It is an honor that you are here, Thank you!

Tuesday, August 31, 2010

Don't be Scared it's only Grade 1... rejection!

HOLY SHIT!

Pardon my language, but this just in, I have been called on Easy Call, the system transplant patients use to communicate with their doctors and Nurse Coordinators. I got my Easy Call on Monday August 30th, and the message I got wasn't entirely what I was hoping it would be...

The message was neither scary or exciting. a little nerve wracking,... yes definitely. But I can't imagine that after 6 months I went from minor rejection to an actual classification of rejection. GRADE 1. Now i am not entirely sure what Grade 1 means, but this is what i do know....

1) My meds will not change. I was hoping for a reduction in my Prednisone, which makes me fat, and bloated and just not cool with myself,

2) they will increase the amount of Cyclosporine i will take, which is one of my anti-rejection medications,

3) I have to go back to Toronto for another Bronch in 2 months. So the end of October beginning of November, I get to have another bronch done. WOOHOO!!!!!!

My nurse coordinator, Debbie, called me again toaday to inform me that I am growing Pseudamonas, which is what I was growing before my transplant. This is normal in transplant, as the mucus in your sinus' and in your throat will generate again in the lungs, when you cough, sneeze and so forth.

Pseudomonas aeruginosa is a versatile Gram-negative bacterium that grows in soil, coastal marine habitats, and on plant and animal tissues. People with cystic fibrosis, burn victims, and other patients in intensive care units are particularly at risk of disease resulting from P. aeruginosa infection.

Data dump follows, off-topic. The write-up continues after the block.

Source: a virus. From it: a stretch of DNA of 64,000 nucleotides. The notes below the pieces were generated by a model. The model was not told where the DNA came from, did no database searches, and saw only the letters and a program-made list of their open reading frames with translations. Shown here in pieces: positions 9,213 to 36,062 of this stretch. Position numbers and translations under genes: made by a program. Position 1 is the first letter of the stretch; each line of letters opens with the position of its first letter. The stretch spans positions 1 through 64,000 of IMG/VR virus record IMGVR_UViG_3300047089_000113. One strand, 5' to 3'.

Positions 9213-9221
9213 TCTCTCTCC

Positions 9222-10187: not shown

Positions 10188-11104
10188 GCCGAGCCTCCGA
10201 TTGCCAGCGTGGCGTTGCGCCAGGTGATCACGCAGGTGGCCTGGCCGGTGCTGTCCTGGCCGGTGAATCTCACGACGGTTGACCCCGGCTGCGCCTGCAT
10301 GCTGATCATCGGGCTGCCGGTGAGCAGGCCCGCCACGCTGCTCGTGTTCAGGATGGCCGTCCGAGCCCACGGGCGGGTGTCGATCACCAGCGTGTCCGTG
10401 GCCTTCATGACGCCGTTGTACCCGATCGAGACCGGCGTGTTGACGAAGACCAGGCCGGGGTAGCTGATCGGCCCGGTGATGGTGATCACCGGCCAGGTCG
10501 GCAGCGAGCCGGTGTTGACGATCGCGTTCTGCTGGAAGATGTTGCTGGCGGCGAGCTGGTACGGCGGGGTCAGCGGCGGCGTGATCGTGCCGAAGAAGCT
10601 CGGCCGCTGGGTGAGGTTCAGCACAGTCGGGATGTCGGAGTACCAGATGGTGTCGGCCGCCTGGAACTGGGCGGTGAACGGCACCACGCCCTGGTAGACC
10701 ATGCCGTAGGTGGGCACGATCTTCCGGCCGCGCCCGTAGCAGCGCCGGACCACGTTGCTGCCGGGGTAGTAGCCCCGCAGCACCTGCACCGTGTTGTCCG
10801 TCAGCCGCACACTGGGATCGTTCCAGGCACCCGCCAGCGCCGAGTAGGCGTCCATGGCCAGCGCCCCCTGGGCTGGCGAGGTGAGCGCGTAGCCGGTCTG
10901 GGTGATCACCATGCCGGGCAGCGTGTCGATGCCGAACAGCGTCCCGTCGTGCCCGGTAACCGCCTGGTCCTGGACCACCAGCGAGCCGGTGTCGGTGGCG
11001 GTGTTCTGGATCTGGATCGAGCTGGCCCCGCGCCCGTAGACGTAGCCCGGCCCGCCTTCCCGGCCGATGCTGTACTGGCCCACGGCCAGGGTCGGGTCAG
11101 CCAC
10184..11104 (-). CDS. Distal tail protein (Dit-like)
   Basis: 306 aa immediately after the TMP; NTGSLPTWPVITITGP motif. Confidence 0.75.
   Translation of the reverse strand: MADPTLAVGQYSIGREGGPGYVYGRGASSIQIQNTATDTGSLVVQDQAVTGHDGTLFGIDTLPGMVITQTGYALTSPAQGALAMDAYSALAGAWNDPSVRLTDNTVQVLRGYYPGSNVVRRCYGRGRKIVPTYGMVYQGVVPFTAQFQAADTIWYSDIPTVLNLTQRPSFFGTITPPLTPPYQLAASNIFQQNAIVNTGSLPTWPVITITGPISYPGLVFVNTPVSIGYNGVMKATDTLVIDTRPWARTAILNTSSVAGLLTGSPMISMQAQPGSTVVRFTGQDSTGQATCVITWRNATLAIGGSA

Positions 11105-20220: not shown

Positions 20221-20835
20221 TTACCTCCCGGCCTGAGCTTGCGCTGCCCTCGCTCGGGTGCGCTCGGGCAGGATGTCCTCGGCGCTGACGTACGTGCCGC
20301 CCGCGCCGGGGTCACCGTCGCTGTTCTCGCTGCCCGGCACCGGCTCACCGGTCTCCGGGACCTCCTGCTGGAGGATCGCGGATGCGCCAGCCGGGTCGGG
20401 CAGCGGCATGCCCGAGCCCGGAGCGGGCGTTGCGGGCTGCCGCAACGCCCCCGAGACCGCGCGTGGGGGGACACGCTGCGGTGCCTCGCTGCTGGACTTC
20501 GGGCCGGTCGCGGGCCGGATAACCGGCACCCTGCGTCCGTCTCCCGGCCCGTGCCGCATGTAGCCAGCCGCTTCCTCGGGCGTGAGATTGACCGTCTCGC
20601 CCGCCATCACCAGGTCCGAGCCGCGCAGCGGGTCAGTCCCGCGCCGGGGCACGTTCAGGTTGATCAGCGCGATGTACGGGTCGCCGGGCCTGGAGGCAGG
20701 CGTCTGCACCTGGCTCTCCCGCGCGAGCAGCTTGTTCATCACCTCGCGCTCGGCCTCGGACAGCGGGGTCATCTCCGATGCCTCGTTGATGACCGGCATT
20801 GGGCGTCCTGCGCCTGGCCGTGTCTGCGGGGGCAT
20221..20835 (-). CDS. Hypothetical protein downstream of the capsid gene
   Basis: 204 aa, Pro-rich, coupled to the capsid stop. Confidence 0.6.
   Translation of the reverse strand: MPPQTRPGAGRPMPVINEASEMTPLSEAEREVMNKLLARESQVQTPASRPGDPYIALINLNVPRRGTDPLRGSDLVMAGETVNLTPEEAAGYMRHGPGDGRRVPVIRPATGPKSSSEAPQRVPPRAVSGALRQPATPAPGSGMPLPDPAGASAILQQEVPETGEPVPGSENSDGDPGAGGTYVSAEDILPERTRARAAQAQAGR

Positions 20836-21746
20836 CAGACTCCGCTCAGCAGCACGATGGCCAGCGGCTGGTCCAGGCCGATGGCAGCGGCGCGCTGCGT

I am not worried or anything, but I won't lie, i am and can be a little scared, that, what happened to Eva, might just happen to me. It will eventually happen, but I can only hope for the best, that i will live long like Bobby, and live life to the fullest.

Keep your prayer lines open, I might need you again at some point. But until then, live long and prosper. Stay thirsty my friends. haha

Love to you all

Ali

Surviving cystic fibrosis - Health - Macleans.ca

This article involves the same surgeon, Dr. De Perrot, who saved my life.

I owe him a lot, about as much as I owe my donor family.

I wouldn't be here if his magical hands didn't help in my life saving surgey.

I love that man, and will never forget him.

Love to the De Perrot family always.

Surviving cystic fibrosis - Health - Macleans.ca